Administration plans for placement of CPR law

Amber Kelly, Writer

The American Heart Association (AHA) discovered through data, that more than 350,000 Americans suffer from sudden cardiac arrest. Only 12 percent survive of those survive. The law was put in place to reduce the casualties from a cardiac arrest. The State of Michigan passed a law on Dec. 28, 2016 requiring high school students to take a CPR training course in order to graduate.

The predicted results will be roughly 100,000 more CPR-trained Michiganians every year. Senate Bill 0647 outlines that Michigan high schoolers will learn CPR and how to use an automated external defibrillator before graduation.

Superintendent Dr. Adam Hartley explained how the new law will affect graduation requirements.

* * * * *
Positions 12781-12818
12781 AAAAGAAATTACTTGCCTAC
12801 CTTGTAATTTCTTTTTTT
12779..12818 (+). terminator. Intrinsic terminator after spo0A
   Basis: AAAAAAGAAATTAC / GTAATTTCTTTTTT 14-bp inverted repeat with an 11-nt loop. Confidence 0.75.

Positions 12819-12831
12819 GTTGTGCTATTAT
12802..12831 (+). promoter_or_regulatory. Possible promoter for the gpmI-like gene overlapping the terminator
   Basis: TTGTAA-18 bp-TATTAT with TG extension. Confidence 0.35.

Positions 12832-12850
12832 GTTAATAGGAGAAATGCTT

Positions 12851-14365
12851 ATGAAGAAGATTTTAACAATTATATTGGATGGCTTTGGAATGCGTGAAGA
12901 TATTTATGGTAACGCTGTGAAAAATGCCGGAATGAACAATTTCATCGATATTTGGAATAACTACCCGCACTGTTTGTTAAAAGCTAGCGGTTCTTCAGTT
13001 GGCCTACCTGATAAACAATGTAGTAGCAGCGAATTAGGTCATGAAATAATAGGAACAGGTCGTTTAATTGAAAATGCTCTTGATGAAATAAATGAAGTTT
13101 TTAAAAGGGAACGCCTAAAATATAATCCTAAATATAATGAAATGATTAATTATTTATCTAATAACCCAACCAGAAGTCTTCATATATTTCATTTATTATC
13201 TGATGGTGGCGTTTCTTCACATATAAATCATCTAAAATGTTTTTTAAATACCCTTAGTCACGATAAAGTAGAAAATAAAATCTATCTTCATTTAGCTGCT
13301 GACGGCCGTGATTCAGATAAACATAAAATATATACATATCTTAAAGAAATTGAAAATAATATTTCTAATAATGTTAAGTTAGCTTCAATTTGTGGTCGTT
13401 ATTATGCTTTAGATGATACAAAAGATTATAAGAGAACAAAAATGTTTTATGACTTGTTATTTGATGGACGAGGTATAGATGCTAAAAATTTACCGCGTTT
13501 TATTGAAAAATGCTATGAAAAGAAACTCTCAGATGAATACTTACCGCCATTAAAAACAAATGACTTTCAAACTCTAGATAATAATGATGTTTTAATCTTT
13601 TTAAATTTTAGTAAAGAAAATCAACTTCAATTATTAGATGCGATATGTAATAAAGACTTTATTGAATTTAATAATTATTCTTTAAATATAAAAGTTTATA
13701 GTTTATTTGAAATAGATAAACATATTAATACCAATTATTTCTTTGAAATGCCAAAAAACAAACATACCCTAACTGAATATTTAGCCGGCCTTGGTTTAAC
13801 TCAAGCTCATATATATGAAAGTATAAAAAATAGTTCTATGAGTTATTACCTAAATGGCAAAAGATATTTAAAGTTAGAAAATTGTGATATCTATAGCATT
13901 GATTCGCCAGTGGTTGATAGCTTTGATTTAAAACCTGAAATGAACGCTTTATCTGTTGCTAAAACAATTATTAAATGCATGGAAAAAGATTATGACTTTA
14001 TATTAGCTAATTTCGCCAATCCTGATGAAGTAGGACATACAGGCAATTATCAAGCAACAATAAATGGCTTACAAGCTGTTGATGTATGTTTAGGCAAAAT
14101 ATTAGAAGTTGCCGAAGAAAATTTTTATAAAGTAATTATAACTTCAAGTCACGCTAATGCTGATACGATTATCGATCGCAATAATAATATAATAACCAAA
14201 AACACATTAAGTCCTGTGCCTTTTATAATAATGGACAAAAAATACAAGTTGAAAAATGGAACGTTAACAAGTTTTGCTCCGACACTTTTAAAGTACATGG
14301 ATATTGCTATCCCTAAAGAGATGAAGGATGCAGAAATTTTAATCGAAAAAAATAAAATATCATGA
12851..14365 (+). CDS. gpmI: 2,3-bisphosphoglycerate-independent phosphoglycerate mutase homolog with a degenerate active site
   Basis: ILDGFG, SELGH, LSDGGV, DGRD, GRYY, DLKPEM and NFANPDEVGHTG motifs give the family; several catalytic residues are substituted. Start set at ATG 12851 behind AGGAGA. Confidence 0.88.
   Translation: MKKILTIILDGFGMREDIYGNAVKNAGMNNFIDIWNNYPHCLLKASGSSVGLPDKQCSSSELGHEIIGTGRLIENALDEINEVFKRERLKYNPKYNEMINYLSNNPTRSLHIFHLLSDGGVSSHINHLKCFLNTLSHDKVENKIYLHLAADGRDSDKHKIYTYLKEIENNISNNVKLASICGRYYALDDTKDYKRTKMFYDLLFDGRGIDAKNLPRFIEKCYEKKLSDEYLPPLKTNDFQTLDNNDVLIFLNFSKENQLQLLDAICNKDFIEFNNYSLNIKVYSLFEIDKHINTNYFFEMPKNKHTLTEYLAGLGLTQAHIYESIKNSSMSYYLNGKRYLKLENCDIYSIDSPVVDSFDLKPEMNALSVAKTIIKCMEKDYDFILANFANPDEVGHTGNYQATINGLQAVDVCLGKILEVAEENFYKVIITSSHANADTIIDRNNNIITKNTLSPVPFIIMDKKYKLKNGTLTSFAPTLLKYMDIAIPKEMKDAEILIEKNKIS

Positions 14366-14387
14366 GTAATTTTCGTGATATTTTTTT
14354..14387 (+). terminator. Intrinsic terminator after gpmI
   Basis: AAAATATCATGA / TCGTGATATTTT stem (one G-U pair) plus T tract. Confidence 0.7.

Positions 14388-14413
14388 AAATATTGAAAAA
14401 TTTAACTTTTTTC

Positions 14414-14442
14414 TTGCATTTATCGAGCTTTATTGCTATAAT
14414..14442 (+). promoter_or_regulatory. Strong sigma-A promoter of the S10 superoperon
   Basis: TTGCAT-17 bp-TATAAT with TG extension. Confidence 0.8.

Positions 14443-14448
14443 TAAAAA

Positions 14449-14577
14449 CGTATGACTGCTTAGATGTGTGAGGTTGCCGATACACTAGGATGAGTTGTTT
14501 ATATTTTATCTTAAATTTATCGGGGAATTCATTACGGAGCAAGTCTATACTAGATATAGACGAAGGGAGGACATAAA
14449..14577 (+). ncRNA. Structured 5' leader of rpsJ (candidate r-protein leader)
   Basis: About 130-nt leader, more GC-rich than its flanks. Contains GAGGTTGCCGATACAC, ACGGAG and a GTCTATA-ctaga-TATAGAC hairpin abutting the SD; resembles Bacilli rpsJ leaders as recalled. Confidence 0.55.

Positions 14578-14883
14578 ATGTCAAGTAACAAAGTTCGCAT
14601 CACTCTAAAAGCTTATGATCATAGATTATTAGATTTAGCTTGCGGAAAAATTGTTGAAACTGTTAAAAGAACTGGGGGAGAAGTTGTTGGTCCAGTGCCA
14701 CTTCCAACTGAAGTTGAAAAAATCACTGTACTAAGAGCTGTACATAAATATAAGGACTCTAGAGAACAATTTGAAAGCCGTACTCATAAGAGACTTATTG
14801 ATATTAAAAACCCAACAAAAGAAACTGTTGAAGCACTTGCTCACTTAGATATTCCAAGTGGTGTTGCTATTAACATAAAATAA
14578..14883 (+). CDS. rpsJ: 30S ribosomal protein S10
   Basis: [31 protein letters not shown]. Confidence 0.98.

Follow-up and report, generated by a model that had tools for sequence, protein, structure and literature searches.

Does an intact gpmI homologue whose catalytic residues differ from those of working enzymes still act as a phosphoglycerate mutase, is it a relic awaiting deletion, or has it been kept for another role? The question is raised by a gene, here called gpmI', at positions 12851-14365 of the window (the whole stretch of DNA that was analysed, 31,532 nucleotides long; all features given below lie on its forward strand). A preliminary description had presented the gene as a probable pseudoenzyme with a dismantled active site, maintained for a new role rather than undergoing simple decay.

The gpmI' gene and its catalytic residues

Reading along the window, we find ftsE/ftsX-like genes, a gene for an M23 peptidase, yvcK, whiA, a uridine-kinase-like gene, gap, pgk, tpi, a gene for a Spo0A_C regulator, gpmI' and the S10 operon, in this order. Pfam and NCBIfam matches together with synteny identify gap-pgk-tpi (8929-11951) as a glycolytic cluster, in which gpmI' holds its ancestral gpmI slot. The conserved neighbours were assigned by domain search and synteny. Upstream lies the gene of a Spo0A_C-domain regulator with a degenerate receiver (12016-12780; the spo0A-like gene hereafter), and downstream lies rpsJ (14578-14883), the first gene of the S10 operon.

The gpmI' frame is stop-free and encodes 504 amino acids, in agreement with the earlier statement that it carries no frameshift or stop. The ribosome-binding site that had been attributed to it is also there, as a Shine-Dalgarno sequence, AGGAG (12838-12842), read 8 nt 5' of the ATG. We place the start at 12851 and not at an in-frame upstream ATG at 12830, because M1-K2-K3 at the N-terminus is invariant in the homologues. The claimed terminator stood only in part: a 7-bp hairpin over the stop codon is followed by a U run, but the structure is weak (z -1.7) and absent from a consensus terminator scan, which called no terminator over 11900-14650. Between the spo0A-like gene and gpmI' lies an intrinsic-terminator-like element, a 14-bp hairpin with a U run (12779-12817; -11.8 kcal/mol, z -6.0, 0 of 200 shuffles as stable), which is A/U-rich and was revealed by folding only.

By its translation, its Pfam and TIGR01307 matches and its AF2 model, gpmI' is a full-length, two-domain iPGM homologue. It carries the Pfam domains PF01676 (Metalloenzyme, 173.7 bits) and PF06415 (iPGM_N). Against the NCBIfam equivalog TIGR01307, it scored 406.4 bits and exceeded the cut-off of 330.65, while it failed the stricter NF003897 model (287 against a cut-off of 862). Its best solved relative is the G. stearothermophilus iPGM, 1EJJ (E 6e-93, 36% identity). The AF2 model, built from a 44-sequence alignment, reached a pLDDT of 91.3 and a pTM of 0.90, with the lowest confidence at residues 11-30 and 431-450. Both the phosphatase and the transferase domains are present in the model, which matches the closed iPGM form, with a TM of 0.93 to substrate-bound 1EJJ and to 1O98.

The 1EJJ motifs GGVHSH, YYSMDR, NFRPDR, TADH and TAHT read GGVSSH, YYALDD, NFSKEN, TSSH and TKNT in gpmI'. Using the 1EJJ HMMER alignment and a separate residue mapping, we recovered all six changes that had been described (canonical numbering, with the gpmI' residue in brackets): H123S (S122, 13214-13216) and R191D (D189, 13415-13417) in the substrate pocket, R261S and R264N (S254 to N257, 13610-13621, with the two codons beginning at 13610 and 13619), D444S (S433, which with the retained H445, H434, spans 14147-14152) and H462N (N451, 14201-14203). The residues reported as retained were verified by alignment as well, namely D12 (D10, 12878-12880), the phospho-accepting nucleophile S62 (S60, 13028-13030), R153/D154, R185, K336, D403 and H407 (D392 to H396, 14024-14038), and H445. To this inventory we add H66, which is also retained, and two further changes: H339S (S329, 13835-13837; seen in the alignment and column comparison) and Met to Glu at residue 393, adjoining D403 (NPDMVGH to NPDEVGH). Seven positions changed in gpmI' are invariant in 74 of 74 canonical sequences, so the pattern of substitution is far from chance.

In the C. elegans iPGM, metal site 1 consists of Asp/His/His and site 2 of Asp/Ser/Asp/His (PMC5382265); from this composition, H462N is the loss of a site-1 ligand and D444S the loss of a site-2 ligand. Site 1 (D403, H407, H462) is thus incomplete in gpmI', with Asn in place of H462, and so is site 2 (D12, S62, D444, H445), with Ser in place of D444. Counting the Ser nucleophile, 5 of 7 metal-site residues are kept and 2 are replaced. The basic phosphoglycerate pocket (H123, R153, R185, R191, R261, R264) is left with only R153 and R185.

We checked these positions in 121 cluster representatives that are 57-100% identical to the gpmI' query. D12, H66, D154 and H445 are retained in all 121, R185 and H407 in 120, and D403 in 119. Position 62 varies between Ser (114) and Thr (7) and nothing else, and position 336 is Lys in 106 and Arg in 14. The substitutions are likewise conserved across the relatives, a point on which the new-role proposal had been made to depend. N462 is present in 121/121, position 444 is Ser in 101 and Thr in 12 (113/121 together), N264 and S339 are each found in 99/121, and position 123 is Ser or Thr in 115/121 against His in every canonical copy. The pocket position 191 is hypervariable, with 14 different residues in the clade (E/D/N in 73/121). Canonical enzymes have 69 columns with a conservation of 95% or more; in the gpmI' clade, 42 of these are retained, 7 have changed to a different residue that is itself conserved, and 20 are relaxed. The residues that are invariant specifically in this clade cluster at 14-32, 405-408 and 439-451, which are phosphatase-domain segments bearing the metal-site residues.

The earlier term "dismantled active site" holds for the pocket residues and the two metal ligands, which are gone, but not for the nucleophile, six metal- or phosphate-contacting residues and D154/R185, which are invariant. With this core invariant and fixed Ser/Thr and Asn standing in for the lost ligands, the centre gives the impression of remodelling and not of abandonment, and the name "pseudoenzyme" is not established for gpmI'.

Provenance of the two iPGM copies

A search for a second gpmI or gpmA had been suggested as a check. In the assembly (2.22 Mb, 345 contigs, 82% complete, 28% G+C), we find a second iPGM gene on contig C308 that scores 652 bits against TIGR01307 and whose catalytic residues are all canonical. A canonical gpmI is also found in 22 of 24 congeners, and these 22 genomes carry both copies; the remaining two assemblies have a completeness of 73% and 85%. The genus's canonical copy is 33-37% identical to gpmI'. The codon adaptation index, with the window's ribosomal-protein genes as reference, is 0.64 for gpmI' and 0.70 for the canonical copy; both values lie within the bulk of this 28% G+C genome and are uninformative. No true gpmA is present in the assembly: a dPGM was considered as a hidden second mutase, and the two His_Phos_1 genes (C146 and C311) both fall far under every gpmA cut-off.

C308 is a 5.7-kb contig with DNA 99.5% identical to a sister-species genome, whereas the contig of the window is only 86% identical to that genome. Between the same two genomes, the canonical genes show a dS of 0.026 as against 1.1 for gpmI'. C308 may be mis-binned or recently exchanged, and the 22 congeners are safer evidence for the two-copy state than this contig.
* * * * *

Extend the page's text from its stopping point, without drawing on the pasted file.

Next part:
While the state has passed a new law that will require all graduating seniors to have training at some point between 7-12 grade,” Hartley said. “We are still unsure if this will impact next year’s seniors.”

The AHA plans to introduce the students to general cardiac tools and familiarize them with various life-saving devices. Hartley is unsure where and when this training will take place.

“We are waiting for more clarification from the state,” Hartley said. “The training will be done in existing health classes. We do not know what grade levels this will occur yet.”

According to the American Heart Association, Michigan students will learn and practice hands-on CPR, which includes pumping the chest to circulate blood to vital organs such as the brain and heart. Students will also become familiar with AEDs and battery-operated mobile devices that can deliver a shock to a cardiac arrest victim’s heart.

“We have a good number of our staff at the high school and throughout the district who are trained in CPR and first aid,” Hartley said. “I believe this is good practice. Safety first, and if our students know how to save lives we are all better off because of this new law.”